Nationalist Abe likely next prime minister of Japan

Efforts to recharge economy may worsen tensions with China

WAKO, Japan — The Liberal Democratic Party’s victory in Japan’s parliamentary election Sunday virtually ensures that Shinzo Abe, who resigned as prime minister for health reasons in 2007 after just a year in office, will get a second chance to try to lead Japan out of its economic slump.

In Mr. Abe’s political resurrection, the Japanese are confiding their hopes for a national comeback, backing Liberal Democratic pledges to restore the good times of the 1980s and ‘90s, before the financial bubble burst and the economy slid into a 20-year funk.

Mr. Abe epitomizes the Liberal Democratic Party brand of conservatism and nationalism that kept the party in power for most of the post-World War II era, until it was ousted by the Democratic Party of Japan in 2009. He is widely expected to become prime minister when his party forms a new government on Dec. 26.

Despite his tough talk, it is unclear just how determined or able he will be to pursue his nationalist convictions, which could worsen already testy relations with China, hurting the auto industry and others with huge investments in the fast-growing Chinese market.

“We are not sure what Abe will turn out to be like,” said Yoichi Funabashi, former editor-in-chief of the Asahi newspaper. “Once he gets into office, he will likely retreat a bit.”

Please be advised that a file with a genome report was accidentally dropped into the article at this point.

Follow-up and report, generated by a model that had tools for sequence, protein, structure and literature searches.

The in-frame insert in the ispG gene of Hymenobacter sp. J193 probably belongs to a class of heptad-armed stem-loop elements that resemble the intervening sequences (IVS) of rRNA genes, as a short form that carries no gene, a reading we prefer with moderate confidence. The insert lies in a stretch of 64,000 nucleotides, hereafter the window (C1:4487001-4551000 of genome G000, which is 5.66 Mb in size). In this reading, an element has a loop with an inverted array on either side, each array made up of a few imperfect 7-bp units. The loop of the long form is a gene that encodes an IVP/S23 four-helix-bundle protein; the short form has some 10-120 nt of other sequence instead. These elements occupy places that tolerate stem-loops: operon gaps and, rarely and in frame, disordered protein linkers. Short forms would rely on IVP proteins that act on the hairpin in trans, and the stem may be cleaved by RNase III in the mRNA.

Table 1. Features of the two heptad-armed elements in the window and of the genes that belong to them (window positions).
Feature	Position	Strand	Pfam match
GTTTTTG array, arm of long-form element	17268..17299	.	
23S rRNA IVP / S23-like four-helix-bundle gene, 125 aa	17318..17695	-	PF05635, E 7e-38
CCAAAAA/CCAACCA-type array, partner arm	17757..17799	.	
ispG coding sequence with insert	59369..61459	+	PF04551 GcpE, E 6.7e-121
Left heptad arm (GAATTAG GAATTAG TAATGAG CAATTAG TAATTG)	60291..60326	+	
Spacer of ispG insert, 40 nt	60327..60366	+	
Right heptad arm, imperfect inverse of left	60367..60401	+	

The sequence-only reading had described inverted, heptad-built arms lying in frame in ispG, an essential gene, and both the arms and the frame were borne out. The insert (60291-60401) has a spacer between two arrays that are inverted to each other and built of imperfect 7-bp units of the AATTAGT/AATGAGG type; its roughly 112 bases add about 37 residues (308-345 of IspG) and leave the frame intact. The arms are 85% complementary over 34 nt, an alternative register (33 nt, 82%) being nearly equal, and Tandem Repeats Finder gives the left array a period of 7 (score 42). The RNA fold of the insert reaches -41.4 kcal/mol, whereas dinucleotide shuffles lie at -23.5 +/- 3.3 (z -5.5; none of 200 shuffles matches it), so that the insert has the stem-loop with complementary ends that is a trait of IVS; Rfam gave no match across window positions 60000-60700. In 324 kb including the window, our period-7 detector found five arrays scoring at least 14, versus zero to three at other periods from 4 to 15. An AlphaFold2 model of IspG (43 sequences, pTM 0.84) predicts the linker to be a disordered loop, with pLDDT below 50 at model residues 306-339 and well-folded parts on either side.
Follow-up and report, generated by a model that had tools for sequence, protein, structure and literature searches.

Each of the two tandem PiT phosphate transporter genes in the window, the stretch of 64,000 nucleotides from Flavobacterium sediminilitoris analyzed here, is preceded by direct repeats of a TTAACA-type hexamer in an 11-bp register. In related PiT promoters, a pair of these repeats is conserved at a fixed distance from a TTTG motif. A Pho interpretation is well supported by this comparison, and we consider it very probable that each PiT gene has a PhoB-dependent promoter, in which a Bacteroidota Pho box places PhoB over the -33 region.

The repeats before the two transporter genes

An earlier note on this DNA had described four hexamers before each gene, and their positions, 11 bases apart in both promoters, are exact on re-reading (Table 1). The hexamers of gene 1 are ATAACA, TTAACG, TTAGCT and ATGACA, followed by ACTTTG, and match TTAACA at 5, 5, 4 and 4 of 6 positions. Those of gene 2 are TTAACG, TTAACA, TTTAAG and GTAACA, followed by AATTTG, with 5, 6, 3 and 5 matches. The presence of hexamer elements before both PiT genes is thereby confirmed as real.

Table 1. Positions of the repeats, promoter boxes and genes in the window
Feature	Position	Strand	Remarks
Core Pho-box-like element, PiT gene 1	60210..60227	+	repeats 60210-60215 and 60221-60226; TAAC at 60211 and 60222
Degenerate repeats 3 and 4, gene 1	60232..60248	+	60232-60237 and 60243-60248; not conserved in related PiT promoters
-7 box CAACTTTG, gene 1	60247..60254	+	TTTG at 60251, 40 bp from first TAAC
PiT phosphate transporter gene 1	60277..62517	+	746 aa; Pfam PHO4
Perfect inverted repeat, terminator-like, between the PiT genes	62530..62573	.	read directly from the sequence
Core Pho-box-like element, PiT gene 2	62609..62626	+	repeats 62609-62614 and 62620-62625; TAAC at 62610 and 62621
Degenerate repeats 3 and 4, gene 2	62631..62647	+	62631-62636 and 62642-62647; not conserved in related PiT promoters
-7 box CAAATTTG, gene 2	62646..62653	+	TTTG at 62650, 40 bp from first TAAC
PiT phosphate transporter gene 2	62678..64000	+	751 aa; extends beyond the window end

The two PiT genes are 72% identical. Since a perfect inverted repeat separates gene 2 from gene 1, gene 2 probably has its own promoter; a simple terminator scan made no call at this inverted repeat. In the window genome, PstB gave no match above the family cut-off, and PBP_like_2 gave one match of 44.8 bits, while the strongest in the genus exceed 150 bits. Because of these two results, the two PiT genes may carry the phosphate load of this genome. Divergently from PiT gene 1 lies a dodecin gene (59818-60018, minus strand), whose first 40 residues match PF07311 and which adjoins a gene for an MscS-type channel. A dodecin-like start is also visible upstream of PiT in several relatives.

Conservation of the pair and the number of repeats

Under Mr. Abe, the Liberal Democrats claim to have been reborn, though their platform differs little from strategies of the past, calling for a restoration of Japan’s economic strength through public-works spending, greater emphasis on patriotism and love of country, and a more nationalist foreign policy.

“We have reflected deeply over these three years,” Mr. Abe proclaimed in a final day of campaigning Saturday, speaking to a crowd of several hundred mostly middle-aged and older supporters massed in the morning chill outside a train station in Wako, a Tokyo bedroom community of 80,000 in the city’s northwestern suburbs.

Many voters seem less interested, anyway, in new ideas than in a return to the familiar – just what Mr. Abe has to offer:

“We tried with the Democratic Party of Japan for the last three years, which made me realize how much better the Liberal Democratic Party was,” said part-time worker Hitomi Furuya, 45, after Mr. Abe sped off to his next campaign stop.

“We believe the [Liberal Democratic Party] is more capable,” said Fumie Asano, beaming as she stood outside the train station with her husband.

“I trust them more,” said Mrs. Asano, a member of the Buddhist-backed Komeito Party, which is expected to join with the Liberal Democrats in a coalition that would return Mr. Abe to the boxy glass-and-granite Kantei, Japan’s version of the White House.

A rising political star

Mr. Abe’s return to the pinnacle of Japanese leadership is as unlikely a rebound as his first ascent seemed inevitable.

When he took office the first time, in 2006, Mr. Abe was the country’s youngest prime minister, a princeling with an impeccable political lineage: His father, Shintaro Abe, was a former foreign minister, and his grandfather Nobusuke Kishi had been arrested as a war criminal after World War II but reinstated to become prime minister.

Mr. Abe graduated from Tokyo’s Seikei University in 1977 and studied politics at the University of Southern California. He worked for a time at Kobe Steel before becoming a political aide to his father in 1982.

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